While everyone is trying to predict which video sharing app will be the true “Instagram for video,” the massive surge in popularity for video apps could also become a problem for the online video mainstay YouTube.

As consumers move towards mobile video apps like Viddy and Socialcam for viewing and sharing content, their time spent on YouTube seems to be decreasing, according to the latest report from the mobile analytics firm Flurry.

The company found that between December 2011 and March 2012, mobile video app usage jumped 52 percent from 152 minutes a month to 231 minutes (see chart below). Meanwhile, video usage from Google’s sites (mostly consisting of YouTube), actually fell 10 percent.

“While it cannot be concluded that mobile video apps are cannibalizing YouTube, the shift in time spent between these two platforms appears to be a signal of disruption,” writes Flurry marketing VP Peter Farago. “Think of it this way: With every mobile video you share of friends, family, vacations, parties and weddings, you are likely loading another bullet in the chamber for Web 3.0.”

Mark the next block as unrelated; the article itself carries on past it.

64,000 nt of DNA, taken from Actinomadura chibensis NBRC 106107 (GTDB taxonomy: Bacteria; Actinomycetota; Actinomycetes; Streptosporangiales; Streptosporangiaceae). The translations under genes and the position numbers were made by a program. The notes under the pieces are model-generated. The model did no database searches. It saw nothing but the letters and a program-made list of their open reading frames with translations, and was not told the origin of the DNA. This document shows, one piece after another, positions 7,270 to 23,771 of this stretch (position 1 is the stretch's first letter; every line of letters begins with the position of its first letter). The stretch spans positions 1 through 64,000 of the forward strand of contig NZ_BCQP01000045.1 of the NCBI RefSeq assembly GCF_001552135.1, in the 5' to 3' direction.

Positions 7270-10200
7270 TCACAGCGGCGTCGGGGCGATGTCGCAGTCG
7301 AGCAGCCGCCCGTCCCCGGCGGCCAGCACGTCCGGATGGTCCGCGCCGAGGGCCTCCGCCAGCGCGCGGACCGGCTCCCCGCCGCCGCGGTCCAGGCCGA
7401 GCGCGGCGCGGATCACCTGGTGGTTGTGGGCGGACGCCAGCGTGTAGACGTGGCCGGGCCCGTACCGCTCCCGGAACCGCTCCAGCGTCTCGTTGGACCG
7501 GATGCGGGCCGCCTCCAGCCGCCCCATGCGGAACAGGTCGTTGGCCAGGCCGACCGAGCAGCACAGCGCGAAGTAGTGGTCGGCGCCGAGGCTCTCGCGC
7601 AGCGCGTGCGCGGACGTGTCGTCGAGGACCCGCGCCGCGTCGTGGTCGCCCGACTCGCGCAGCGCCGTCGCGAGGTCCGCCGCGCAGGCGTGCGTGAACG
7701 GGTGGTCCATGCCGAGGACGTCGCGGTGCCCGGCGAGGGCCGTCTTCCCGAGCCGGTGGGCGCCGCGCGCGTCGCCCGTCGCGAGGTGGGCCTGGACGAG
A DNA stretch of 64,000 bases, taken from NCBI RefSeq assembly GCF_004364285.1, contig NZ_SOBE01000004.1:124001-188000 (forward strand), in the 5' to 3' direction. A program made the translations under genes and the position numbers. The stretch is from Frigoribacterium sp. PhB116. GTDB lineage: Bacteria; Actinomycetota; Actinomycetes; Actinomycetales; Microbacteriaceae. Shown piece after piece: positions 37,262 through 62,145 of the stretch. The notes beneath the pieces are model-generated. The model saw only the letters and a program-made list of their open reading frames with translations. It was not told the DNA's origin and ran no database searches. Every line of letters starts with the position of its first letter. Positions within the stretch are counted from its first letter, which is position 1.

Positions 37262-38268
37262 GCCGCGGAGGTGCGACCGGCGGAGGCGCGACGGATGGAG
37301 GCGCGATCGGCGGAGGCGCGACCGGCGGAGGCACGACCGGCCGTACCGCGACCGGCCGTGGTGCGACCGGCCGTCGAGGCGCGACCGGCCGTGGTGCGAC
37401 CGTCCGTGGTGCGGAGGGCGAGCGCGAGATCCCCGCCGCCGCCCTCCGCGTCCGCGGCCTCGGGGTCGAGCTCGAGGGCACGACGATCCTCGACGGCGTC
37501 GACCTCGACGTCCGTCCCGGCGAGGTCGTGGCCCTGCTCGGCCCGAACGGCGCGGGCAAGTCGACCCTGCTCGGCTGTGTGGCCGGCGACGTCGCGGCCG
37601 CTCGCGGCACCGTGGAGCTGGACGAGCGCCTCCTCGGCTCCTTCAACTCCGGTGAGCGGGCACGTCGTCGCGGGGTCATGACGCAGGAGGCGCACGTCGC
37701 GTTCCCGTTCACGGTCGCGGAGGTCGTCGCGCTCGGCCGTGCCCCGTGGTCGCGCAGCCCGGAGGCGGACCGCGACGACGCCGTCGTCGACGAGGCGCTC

Now that smartphones can shoot video in crystal clear 1080p HD, and 4G networks make it relatively painless to share and view large video files, it makes sense for online video watching habits to change. It’s still too early to tell how much of an impact apps like Viddy and SocialCam are having, but it definitely seems like we’re at a significant breaking point.

Flurry, not surprisingly, found that photo and video apps were among the fastest growing between October and March, jumping 89 percent in time spent per active user. Music apps were second-place with a 72 percent increase, and productivity apps saw a 66 percent jump. Time spent in photo and video apps has grown steadily over the past nine months, going from just 87 minutes a month last July to 231 minutes in March 2012.

Google could certainly turn around and come up with a compelling way to reposition YouTube to better compete against the likes of Viddy. But the company has its fingers in many pots at this point, and it’s going to be tough for the search giant to compete with nimble startups. Viddy, for example, is growing like crazy thanks to plenty of buzz and celebrity support, and it’s reportedly valued around $300 million.

flurry video app usage versus YouTube

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